View from the Garden: Watch Out for Ticks

View from the Garden: Watch Out for Ticks

We must take seriously the possibility of getting a tick-borne disease on Long Island. There’s no way to avoid ticks. We can spray to “tick proof” our landscapes or our clothes and bodies, but there are no guarantees. Ticks are everywhere and the diseases they can give us are grave. I’m outside in gardens every day on properties that are regularly sprayed. I think I spray myself every day—but there are probably days I forget. I have been treated for Lyme disease five times.

I recently attended a “tick talk” by Anna-Marie Wellins, DNP that was very informative on numerous aspects of tick-borne diseases. Any time you see a tick talk being given, go to it. There is A LOT to know about ticks. Tick-borne diseases have become an epidemic and the number of infections increases every year.

We think of deer as being the sole culprit in the spread of Lyme disease but white-footed mice, chipmunks, squirrels and birds are all hosts to ticks. Because there are few predators of these animals here, and given the amount of development in this area that has removed their habitats, they have moved into the spaces where we live, bringing ticks. April through October is the time when ticks are most active, but any day above 40° brings them out.

There are three kinds of ticks that can bite us and our pets giving us any of several diseases, all of them serious and potentially life-threatening, if not treated in a timely manner. After being outside in the garden, check yourself, your children and pets. These ticks like warm, humid, dark spots like armpits, behind the ears, waistbands and groin areas. If you find a tick, remove it using pointed tweezers placed very close to the skin around it and gently pull up. Don’t squeeze. The head might remain, which is uncomfortable but the potential for disease transmission is minimal. BUT you can be bitten and not realize it, so it’s imperative that you be aware of possible symptoms.

Symptoms of all the tick-borne diseases are similar: flu-like symptoms, fever, body aches, malaise, joint pain and confusion. If you develop a high fever, go to the hospital immediately! Ticks can give you more than one disease with each bite. In the early stages of these diseases a blood test is inconclusive. A doctor who knows the correct questions to ask, therefore, must diagnose them. If you are diagnosed with a tick-borne disease, the doctor will give you an antibiotic. Take the FULL course prescribed.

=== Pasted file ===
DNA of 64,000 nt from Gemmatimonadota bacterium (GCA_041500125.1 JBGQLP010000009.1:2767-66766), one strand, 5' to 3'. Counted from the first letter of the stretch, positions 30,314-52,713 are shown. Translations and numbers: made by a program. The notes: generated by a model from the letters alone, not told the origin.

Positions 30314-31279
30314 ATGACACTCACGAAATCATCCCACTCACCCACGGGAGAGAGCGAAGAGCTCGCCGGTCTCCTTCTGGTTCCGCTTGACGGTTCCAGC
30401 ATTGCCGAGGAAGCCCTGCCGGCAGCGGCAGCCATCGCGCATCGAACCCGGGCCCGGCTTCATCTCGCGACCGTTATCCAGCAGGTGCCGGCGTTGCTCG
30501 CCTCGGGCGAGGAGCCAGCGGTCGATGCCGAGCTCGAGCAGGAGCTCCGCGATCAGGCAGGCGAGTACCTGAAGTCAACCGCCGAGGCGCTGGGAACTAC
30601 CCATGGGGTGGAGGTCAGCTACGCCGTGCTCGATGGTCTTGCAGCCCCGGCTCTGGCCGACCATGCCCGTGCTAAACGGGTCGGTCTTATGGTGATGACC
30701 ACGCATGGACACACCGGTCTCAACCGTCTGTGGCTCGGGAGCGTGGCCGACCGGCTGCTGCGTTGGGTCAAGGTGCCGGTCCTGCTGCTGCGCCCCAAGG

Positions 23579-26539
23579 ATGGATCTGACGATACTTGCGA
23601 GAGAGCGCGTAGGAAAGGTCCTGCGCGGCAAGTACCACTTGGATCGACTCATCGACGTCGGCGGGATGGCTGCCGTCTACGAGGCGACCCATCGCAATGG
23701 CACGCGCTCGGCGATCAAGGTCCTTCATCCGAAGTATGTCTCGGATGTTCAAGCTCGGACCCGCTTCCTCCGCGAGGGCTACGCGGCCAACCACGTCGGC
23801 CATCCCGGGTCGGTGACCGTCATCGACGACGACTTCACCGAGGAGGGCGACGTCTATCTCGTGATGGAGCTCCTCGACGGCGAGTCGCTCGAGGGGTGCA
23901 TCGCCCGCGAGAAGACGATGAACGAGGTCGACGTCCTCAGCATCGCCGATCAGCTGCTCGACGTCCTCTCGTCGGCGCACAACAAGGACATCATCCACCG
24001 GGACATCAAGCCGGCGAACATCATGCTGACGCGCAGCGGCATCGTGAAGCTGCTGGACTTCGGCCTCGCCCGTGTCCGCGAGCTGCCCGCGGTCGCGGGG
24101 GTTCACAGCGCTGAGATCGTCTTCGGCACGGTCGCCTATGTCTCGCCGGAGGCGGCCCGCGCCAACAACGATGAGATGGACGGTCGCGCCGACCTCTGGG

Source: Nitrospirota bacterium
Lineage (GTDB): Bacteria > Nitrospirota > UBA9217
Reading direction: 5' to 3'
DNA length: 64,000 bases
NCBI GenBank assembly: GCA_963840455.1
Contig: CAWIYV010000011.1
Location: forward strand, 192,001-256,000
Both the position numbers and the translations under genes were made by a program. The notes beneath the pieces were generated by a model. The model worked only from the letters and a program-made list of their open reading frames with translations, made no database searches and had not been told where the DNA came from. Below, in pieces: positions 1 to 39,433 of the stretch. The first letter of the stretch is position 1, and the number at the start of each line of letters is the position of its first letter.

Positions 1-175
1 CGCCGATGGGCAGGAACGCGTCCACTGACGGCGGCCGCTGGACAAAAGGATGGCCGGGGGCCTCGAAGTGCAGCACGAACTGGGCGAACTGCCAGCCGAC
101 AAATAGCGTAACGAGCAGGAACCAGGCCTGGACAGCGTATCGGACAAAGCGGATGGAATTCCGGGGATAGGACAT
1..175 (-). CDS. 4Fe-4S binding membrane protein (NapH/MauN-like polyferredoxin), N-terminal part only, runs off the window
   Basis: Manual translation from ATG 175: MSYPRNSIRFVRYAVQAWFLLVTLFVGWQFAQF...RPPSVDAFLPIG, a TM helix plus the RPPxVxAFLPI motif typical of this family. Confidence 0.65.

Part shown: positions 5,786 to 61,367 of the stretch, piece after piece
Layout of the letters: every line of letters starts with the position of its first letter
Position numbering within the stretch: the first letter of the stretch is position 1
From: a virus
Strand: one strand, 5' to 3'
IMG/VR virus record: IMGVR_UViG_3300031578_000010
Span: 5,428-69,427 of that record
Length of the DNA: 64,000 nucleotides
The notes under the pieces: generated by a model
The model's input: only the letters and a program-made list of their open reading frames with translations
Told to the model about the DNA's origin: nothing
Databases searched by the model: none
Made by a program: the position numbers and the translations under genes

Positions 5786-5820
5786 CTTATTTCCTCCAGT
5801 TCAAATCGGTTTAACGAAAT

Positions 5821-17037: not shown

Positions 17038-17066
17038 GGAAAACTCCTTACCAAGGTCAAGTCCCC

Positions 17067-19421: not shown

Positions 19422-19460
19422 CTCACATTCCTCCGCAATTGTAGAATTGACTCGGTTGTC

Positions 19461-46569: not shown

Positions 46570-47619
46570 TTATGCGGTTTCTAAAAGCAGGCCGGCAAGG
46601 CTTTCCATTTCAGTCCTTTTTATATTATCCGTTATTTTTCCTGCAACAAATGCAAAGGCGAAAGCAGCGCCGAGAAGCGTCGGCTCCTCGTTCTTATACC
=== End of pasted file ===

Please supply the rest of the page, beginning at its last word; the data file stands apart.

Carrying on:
Prevention: Spraying your property does not guarantee that all of the ticks will be eliminated, and chemicals on your lawn are not good for you, your children or your pets. Even organic sprays also kill beneficial insects. There are changes you can make to your landscape to make it less hospitable to ticks. You might want to check with your landscaper or online about these. Permethrin products used on your clothes can be effective when used properly. Twenty to thirty percent deet (a brand of diethyltoluamide) products are also effective and are now reported to be safe, though I wouldn’t use them on children.

In my opinion, the best preventative is to check yourself, your children and your pets EVERY time you have been “in nature,” perhaps habitually at the end of each day. Acquaint everyone in your family with the possible symptoms and line up a “tick doctor.”

Jeanelle Myers is a professional gardener, landscaper and consultant. For gardening discussion you can call her at 631-434-5067 or visit jeanellemyersfinegardening.com.

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